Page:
When you find the right fit, introduce yourself to leadership and other volunteers
“Once you show up to a meeting or a protest, you will find other people who can help plug you in. Going to the first meeting is the hardest because you’re going alone and it’s scary.
“As someone who struggles with social anxiety, I would make it a challenge to introduce myself to one new person at each meeting,” Taube said, which helped him get to know other volunteers more personally.
Be humble about how you can help
“If you’re getting involved in politics for the first time, it’s important to just ask people how you can help,” Taube said. “I first went in with a certain idea of what I wanted to do, thinking ‘I have a background as a writer and a journalist, I’ll help research and do communications … ‘ but ultimately, you need to work where you’re needed.”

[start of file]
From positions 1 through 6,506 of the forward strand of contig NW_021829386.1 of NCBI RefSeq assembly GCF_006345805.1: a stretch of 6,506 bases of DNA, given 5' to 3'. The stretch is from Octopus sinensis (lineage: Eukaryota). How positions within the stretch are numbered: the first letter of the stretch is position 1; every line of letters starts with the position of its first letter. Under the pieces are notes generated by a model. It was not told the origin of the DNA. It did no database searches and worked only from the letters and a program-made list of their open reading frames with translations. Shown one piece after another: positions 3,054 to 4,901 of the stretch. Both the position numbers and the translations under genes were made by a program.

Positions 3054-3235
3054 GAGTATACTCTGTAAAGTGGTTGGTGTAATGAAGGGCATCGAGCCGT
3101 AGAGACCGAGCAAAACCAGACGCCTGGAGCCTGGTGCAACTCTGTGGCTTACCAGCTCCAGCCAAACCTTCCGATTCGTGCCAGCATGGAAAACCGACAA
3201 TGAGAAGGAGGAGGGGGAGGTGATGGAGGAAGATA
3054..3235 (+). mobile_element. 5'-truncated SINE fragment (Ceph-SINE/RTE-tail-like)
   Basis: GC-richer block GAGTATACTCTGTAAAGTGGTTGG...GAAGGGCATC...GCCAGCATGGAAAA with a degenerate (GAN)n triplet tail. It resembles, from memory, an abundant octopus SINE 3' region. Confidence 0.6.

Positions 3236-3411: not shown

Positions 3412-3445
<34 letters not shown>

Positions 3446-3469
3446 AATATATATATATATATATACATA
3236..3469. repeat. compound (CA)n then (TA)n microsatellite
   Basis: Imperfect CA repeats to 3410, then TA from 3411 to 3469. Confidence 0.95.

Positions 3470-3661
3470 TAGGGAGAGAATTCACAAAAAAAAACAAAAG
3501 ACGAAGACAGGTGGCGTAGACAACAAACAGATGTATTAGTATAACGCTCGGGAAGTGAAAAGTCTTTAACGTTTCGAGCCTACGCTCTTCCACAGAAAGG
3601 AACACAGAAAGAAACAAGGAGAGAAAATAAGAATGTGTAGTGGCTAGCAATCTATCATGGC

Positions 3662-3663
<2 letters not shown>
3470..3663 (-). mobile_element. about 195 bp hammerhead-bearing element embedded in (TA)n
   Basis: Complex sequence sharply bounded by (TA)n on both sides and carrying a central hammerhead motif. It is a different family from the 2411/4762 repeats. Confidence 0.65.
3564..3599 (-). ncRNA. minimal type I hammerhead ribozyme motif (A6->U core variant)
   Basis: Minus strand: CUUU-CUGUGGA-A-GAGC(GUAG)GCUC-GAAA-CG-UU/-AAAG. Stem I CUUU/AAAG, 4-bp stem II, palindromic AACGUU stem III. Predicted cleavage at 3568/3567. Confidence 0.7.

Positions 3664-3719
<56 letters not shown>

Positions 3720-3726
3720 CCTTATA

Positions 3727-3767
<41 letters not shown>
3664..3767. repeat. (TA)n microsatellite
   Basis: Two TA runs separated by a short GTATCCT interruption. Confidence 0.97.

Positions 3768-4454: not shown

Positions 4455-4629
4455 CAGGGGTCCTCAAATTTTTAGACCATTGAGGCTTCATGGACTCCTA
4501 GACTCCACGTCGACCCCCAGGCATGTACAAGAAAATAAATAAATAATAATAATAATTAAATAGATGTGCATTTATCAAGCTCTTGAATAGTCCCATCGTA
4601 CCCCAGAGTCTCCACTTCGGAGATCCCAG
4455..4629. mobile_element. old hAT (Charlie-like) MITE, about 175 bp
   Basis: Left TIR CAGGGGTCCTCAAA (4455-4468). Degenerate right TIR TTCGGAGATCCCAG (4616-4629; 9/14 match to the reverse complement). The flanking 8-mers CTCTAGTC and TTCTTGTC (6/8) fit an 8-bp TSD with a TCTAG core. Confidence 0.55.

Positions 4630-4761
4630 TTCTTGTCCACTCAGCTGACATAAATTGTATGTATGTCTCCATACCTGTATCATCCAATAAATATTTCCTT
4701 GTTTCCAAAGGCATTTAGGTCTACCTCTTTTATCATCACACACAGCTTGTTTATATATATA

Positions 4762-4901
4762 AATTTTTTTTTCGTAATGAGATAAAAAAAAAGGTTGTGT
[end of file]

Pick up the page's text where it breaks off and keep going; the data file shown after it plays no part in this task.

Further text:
During Alexandria Ocasio Cortez’s campaign for Congress in 2018, Taube was one of several DSA members who helped run the then-candidate’s canvassing and door knocking operations.
“I had only ever knocked doors a couple of other times, and it was not natural to me at all,” Taube said. “But I knew that it was what needed to be done on our team, so I helped do it.”
For others interested in electoral work and campaigning for political candidates, Taube says it’s important to be open-minded and helpful about what is needed. “A lot of times people come in and say, ‘I want to do this, this, and this’ or ‘I’m a social media expert, etc.’ That’s great, but the response will often be, ‘Could you please knock doors?'”
Know that every volunteer is valuable
Even if you only have a limited amount of time after work or on weekends to organise, Taube says new volunteers are always welcome.